Reverse Mortgage to Purchase a Home: HECM for Purchase

Many seniors who investigate the options available to them for downsizing find that they have some hard decisions to make. They may have a substantial amount of equity in their current home and must then decide whether they should take out a loan and prepare to pay mortgage payments on their reduced retirement income or whether they should pay cash and tie up their liquidity.

HECM for Purchase

The FHA offers a solution to this quandary which can work well in certain circumstances. The HECM for Purchase is a reverse mortgage that allows you to purchase a home with the proceeds of your home sale through a reverse mortgage. This process gives you liquid income, together with your new home purchase, all in one transaction. Reverse mortgages allow the borrower to remain in the current home while also offering a good financial tool for retirement planning.

When you take out a HECM for Purchase, you sell your existing home and buy another home, all through the Reverse Mortgage procedure. You won’t have any principal or interest payment obligations. You then mortgage your new home to the lending institution but you retain the right to continue to live in that new home until you die or leave the home. No down payment will be required on your new home and your obligatory payments are limited to the Reverse Mortgage’s third-party costs, closing costs, home maintenance, home insurance, property taxes and loan insurance costs.

If there is equity left after you purchase your new home the lending institution will facilitate a line or credit or monthly payments to you. After you close the HECM loan the interest on the outstanding balance will accrue monthly, meaning that the loan balance grows over the years.

Loan Repayment

When you die, sell or move to a new home, or if you can no longer live in the home for a 12-month period (if, for instance, you move in with a child or move to a long-term care facility) the loan becomes due. Then there are different options available for you or your heirs.

If you are still alive or your heirs don’t have any interest in keeping the home, the lender will sell it and the loan and accrued balance are paid off. You and your heirs will never owe any money on the loan — if the proceeds aren’t enough to cover the cost of the sale and the accrued interest, FHA will pay off the difference from its insurance fund. This is a no recourse loan so, in such a case, there are no penalties levied against the borrower or his estate. If one spouse dies and the second partner is still living in the house, that second partner may continue to live in the home, provided that they had been listed on the original loan. Current court cases have left open the question of what will happen to non-borrowing spouses in the event that they were not on the loan from the outset.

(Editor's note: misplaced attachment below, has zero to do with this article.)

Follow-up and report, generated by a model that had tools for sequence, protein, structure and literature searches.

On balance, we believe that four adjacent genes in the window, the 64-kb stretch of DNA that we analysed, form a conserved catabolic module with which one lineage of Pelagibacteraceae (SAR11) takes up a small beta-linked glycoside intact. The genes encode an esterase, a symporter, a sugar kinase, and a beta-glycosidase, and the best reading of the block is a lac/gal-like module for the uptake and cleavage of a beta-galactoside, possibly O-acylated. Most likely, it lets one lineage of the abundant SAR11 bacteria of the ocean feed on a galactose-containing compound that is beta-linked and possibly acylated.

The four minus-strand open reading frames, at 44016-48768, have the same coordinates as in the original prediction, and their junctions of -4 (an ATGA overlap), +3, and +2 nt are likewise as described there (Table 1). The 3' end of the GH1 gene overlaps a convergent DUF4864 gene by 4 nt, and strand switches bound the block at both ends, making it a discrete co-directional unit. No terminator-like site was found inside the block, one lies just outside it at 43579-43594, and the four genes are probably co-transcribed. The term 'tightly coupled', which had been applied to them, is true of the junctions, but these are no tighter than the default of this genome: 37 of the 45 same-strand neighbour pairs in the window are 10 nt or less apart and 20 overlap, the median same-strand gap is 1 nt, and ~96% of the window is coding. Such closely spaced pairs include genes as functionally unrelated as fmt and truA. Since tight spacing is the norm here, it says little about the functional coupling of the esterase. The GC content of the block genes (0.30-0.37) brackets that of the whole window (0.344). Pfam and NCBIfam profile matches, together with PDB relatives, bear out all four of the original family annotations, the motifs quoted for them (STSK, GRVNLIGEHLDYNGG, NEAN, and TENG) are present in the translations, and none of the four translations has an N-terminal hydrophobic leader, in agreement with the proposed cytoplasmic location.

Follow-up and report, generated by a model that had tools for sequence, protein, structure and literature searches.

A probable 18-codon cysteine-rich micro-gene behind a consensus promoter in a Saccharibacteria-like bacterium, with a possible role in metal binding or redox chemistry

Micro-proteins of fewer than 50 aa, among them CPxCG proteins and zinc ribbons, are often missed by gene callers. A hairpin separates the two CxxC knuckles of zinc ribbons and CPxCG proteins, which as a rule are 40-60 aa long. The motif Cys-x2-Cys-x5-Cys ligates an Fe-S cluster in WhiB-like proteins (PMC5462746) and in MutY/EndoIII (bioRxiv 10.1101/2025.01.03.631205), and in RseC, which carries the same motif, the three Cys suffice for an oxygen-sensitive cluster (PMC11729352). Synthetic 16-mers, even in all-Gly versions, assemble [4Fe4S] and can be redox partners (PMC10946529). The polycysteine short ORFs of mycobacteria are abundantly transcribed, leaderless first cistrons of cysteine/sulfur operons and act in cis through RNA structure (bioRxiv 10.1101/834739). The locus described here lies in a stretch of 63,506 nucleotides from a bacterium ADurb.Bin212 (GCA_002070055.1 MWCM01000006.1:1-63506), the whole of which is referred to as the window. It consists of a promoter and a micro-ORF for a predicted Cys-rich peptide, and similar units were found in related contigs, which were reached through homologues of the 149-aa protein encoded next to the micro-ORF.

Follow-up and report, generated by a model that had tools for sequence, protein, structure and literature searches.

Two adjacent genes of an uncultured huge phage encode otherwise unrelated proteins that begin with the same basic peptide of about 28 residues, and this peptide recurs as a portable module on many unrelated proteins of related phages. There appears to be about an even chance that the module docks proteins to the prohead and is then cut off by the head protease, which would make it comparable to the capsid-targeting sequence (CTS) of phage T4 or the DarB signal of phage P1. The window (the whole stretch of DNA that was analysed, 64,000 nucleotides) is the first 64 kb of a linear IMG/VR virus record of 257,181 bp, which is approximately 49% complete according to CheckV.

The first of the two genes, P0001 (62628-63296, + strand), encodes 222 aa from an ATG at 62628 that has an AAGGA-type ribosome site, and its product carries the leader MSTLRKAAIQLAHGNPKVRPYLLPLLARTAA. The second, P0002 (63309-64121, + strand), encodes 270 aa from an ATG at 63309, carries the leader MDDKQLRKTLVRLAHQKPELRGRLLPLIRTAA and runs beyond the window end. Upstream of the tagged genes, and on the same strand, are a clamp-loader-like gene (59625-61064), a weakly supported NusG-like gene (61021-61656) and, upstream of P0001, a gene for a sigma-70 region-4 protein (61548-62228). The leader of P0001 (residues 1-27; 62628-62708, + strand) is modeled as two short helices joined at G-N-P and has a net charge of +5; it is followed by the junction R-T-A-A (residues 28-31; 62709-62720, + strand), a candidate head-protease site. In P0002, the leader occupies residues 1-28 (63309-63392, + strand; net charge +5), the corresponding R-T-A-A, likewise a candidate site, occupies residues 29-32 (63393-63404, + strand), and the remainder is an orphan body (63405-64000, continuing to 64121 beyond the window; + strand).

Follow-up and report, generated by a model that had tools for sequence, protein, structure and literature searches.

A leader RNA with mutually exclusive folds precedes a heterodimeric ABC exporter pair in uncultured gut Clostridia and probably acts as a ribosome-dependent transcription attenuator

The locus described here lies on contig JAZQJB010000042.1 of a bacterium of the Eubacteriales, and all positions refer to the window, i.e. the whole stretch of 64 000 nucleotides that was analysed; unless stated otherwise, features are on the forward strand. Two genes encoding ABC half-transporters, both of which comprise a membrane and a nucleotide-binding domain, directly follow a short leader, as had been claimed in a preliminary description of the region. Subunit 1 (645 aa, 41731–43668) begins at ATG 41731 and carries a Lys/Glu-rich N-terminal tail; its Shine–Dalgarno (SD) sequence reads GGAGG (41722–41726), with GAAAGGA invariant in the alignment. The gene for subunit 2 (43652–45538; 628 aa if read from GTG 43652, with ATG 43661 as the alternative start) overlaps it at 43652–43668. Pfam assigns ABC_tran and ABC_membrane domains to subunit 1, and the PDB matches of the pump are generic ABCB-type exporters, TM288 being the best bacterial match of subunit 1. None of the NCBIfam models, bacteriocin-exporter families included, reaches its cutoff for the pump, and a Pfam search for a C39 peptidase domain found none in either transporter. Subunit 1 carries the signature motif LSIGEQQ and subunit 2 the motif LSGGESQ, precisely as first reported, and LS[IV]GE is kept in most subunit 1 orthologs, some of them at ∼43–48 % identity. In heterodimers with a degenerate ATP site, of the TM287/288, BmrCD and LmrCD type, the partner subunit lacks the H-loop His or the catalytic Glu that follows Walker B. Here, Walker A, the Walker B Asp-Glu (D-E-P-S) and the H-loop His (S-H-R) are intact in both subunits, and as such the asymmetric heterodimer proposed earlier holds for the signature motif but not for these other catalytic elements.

If both spouses are deceased, their heirs have first rights to purchase the new home at 95% of the appraised value.

Prepare for the New HEMC Rules

As with a Standard HECM loan, HECM for purchase borrowers must demonstrate the ability and resources to meet HECM obligations (property tax payments, MIP insurance payments, home maintenance payments, home insurance payments). A standard formula, used by the lender, assesses the potential borrower’s readiness and willingness to pay loan costs. The lender checks the borrower’s liquid assets, income and past credit history. Seniors with a higher income require fewer liquid assets to qualify for the loan, those with more liquid assets require less income, etc.

If a potential borrower shows a chronic history of late payments, at a time that he had the ability to pay, his request for a HECM loan would undergo more scrutiny. If, however, his credit rating was impacted by a medical emergency or some other such sudden occurrence, the assessors will take that into consideration when deciding on his loan request.

One Comment

  1. RonD says:

    For the younger generation that seems more interested in renting than owning their own home, the reverse mortgage concept might be a mind changer. When you own a home, even one that is mortgaged, you build up equity over the years and have something to fall back on in old age through a reverse mortgage. But renting…you have no equity at the end of the lease term, even if you pay rent for 40 years.

    RonD